Lloyds Banking Group has hailed a "landmark year" as annual profits soared by 24% to a record £5.3bn, yet it continues to be dogged by the cost of past scandals.
The results covered a year in which Britain's biggest high street lender was fully returned to private sector ownership after its rescue during the financial crisis.
But a City watchdog campaign to reach victims of the payment protection insurance (PPI) mis-selling scandal before the 2019 deadline for claims - featuring Arnold Schwarzenegger - helped Lloyds' bill for past conduct swell to £2.5bn.
This is a £400m rise on the year before - and in the fourth quarter, it set aside an extra £600m to cover the cost of compensating victims of mis-sold PPI, with Lloyds' overall bill for the scandal now standing at £18.7bn.
The bank said its profit figure was the largest since the group was formed, when Lloyds took over troubled rival Halifax Bank of Scotland (HBOS) during the financial crisis before itself being bailed out by the Government.
Revenues rose 6% to £18.5bn.
Lloyds also confirmed plans to reward investors with a share buyback worth up to £1bn, first reported by Sky News, and a 20% increase in its total dividend. Shares rose 1%.
The results mark the latest stage in the lender's recovery under chief executive Antonio Horta-Osorio and come after the Government finally divested its remaining holdings in the business after its £20bn taxpayer rescue.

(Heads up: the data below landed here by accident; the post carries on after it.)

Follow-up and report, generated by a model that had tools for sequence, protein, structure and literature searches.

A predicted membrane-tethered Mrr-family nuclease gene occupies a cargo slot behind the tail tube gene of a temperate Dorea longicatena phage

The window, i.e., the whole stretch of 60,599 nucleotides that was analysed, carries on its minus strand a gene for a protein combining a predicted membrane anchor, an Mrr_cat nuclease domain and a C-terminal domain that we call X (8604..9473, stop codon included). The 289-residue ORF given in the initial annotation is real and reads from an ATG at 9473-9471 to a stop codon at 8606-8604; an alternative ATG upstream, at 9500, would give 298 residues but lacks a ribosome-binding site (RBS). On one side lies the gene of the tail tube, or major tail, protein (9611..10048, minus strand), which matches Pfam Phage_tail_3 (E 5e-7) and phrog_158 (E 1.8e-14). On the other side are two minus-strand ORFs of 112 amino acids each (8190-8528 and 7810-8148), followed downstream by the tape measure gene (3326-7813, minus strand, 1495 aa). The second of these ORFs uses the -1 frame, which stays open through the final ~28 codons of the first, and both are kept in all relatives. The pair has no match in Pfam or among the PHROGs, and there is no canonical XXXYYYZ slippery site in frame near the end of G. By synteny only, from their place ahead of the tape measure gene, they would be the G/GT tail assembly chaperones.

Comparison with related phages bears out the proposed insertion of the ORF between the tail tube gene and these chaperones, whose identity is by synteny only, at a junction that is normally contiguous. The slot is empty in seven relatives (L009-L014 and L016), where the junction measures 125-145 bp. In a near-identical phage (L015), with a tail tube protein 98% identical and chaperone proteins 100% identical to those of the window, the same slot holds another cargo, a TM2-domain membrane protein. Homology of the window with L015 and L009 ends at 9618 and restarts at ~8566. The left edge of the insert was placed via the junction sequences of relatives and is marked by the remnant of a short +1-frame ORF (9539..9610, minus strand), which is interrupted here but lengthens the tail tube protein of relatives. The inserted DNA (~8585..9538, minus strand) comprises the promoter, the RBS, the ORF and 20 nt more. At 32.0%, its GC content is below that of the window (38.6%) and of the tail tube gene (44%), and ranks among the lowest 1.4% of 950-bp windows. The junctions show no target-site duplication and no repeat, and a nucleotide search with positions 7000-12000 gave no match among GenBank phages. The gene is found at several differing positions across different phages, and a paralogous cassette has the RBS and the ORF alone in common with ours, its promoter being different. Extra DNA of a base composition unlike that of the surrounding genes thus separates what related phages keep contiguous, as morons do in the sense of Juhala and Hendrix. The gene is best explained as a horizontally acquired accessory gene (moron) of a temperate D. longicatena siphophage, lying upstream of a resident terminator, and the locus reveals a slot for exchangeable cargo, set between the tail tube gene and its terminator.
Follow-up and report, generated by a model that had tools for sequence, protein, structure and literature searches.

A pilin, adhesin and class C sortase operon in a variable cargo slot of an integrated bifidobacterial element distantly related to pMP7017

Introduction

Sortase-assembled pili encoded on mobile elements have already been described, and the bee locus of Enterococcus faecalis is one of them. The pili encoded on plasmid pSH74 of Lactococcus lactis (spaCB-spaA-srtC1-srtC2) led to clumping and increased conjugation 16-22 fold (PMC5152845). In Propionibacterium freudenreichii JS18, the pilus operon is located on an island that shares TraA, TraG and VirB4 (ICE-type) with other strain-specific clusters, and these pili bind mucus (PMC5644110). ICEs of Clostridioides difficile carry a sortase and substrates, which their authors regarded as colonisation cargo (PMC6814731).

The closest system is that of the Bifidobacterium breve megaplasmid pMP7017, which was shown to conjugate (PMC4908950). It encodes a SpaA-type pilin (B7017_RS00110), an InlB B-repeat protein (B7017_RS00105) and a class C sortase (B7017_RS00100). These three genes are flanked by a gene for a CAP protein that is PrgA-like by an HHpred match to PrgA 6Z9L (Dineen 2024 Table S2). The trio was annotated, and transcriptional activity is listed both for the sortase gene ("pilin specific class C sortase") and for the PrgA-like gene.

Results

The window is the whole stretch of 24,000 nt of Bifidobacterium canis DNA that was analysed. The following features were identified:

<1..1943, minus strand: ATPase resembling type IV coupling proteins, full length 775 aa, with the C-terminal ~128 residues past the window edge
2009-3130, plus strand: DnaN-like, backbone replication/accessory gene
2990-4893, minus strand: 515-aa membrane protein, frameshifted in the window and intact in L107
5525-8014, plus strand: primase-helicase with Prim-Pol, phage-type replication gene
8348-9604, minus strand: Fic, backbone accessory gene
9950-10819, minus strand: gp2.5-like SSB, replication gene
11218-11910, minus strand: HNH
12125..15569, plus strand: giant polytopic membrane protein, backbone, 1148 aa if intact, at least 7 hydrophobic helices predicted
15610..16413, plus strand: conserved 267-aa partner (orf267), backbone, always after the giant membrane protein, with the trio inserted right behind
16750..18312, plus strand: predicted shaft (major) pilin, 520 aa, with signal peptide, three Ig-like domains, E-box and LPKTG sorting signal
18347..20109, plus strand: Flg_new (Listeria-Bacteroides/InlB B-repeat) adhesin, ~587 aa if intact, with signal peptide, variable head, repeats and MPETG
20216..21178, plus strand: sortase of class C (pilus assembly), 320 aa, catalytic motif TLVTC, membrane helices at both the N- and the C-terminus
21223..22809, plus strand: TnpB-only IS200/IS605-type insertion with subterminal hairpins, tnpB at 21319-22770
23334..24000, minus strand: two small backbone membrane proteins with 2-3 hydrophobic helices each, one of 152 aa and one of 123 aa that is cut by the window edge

Mr Horta-Osorio said: "2017 has been a landmark year in which the group has made significant strategic progress and returned to full private ownership."
The group also revealed a rise of more than £600,000 - or 11% - in Mr Horta-Osorio's pay packet to £6.42m. His basic pay rose by £95,000 and there were hikes totalling more than £500,000 in performance bonus and long-term incentives.
Mr Horta-Osorio unveiled a new three-year strategic plan that will see Lloyds invest more than £3bn, with a focus on boosting its digital capabilities.
Laith Khalaf, senior analyst at a Hargreaves Lansdown, said: "There's a lot to like in Lloyds' numbers, with profits rising, costs under control, and prodigious amounts of cash being thrown off to shareholders.
"The Bank of England can take its fair share of credit for Lloyds' profits, as rising interest rates have delivered a boost to the top line at Lloyds.
"For the banking industry, the prospect of rising rates after a decade of loose monetary policy is a bit like finally coming across an oasis in the middle of the desert.
"With more rate rises waiting in the wings, this looks like a tailwind that's going to be blowing behind Lloyds for the foreseeable future."